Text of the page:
Clifford Davies and Janet Lightbown, who are the joint owners of Loch Awe Boats, were each ordered to pay £5,000 after they pled guilty to a health and safety breach at Oban Sheriff Court on 10 January 2023
The court heard that on 29 June 2019, Kyle Cairney, from Prestonpans, made an email enquiry to Loch Awe Boats about a two-day booking in mid-August. On 1 July 2019, a booking was confirmed for three persons in his name for 17 and18 August.
On Friday 16 August 2019, Davies emailed Kyle Cairney to cancel his booking for that weekend, stating that their “hire licence prohibits boat hire in winds in excess of 18 mph and tomorrow is set to be pretty wild”.
A Facebook post from Loch Awe Boats stated:
“Once again, we are having to cancel boat hire tomorrow (Saturday 17th) due to the forecast for very high winds on Loch Awe……. The upper wind speed for boat hire to comply with our hire licence is 18 mph. Sorry to disappoint, but safety is our priority.”
Despite these communications, Mr Cairney, his brother Nathan and their friend Kieran Cowan, decided to travel to Ardbrecknish on the morning of Saturday 17 August.
An agreement was reached with both Davies and Lightbown to hire a boat on the condition that they would go directly to their campsite some forty minutes away while conditions remained calm and that they would not go back out on the water until the following morning when the weather was forecast to improve.
The hire was secured despite the communications of the previous day.
The three men set out from the boatyard and travelled to the island of Inishail where they set up camp. At about 10.30am, all three went out on the loch again, this time to the south of the Black Isles, where they fished for about an hour and a half. At around midday, they returned to their campsite.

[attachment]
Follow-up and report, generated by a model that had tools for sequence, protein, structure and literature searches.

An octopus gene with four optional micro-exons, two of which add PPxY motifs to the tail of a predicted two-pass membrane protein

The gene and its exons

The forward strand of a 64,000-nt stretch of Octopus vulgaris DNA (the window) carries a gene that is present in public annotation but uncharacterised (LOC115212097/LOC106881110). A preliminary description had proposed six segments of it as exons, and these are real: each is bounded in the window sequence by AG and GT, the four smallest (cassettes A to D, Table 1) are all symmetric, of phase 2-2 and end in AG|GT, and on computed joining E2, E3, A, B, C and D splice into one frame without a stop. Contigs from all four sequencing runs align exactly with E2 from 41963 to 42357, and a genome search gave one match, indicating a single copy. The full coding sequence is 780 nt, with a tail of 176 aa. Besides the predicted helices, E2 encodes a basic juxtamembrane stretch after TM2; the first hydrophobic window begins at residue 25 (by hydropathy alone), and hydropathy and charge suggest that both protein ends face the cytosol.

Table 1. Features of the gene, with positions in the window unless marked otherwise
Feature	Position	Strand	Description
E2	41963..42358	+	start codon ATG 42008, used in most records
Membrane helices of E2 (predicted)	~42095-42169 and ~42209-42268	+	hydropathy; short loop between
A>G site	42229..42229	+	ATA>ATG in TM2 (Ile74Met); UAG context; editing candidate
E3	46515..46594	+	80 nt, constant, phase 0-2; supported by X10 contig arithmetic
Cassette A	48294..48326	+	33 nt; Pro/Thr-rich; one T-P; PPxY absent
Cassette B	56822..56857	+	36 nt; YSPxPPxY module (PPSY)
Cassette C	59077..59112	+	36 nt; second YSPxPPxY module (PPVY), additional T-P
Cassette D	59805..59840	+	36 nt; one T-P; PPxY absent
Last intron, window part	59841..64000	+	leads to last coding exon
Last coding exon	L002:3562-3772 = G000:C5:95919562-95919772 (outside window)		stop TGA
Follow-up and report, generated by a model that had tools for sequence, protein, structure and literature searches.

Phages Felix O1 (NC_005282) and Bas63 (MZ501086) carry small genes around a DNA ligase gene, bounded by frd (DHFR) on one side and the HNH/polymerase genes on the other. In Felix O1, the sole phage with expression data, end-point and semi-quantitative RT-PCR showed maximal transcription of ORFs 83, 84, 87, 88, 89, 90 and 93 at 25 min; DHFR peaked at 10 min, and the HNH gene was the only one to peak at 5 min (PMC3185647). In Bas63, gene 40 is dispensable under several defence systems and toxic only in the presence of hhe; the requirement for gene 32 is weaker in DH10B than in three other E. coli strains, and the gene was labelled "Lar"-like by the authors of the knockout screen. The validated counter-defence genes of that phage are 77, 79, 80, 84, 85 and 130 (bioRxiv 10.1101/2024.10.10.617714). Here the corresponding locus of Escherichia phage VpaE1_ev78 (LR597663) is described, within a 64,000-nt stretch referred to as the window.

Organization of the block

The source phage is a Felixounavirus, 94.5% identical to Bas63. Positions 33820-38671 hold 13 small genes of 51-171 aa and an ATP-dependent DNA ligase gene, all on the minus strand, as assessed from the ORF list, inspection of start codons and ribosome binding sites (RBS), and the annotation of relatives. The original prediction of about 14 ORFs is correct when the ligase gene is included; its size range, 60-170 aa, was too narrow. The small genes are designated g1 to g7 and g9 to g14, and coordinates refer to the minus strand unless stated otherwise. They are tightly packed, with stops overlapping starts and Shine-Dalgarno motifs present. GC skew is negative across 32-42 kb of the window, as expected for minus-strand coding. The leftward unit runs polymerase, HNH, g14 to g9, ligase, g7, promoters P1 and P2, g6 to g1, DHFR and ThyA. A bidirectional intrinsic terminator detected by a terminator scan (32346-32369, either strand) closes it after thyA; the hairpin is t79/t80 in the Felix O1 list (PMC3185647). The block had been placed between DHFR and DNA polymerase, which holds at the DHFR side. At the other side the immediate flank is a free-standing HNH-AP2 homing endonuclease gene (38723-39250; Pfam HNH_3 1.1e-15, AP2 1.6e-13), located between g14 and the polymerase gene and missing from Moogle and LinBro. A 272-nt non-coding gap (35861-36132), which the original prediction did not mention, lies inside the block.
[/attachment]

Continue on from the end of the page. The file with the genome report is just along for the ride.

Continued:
Around 1.00pm, the three of them again went out on the boat. Only Nathan Cairney was wearing a life jacket.
They headed to the top end of the loch towards Kilchurn Castle. This would have been relatively sheltered from the winds.
During the journey back from Kilchurn to Inishail, the men had to cross the broadest part of the loch which would expose them to the worst of any weather that they would encounter. As they progressed, the weather continued to worsen, and the water became very choppy.
As they passed Fraoch Eilean which is in the centre of the largest open area of water in the entire loch, both Cairney brothers described waves coming over the bow of the boat and filling it. The water was coming in faster than they could bail it out, and it was gathering at the rear of the boat. The additional weight raising the bow and exposing more of the hull at the forward end to the oncoming waves.
When the engine was cut so they could all bail, the boat turned and was facing towards Fraoch Eilean. Seconds after the engine was cut, the boat capsized.
Nathan Cairney recollects, “It had been sinking before we cut the engine, so it didn't take much for it to flip. When it's flipped, I was at the front, Kieran was in the middle and Kyle was at the engine. When it's flipped, I sort of fell off the boat into the water, I initially went under, but my life jacket has pulled me back up instantly. I saw Kieran and Kyle near to me and the three of us went over to the boat which was upside down. When we all held onto it the boat started to sink. None of us said anything, we all just started swimming to the nearest island, the water was extremely choppy, and it was still dull. As I was swimming towards the island Kieran was on my left-hand side and Kyle was to my right.”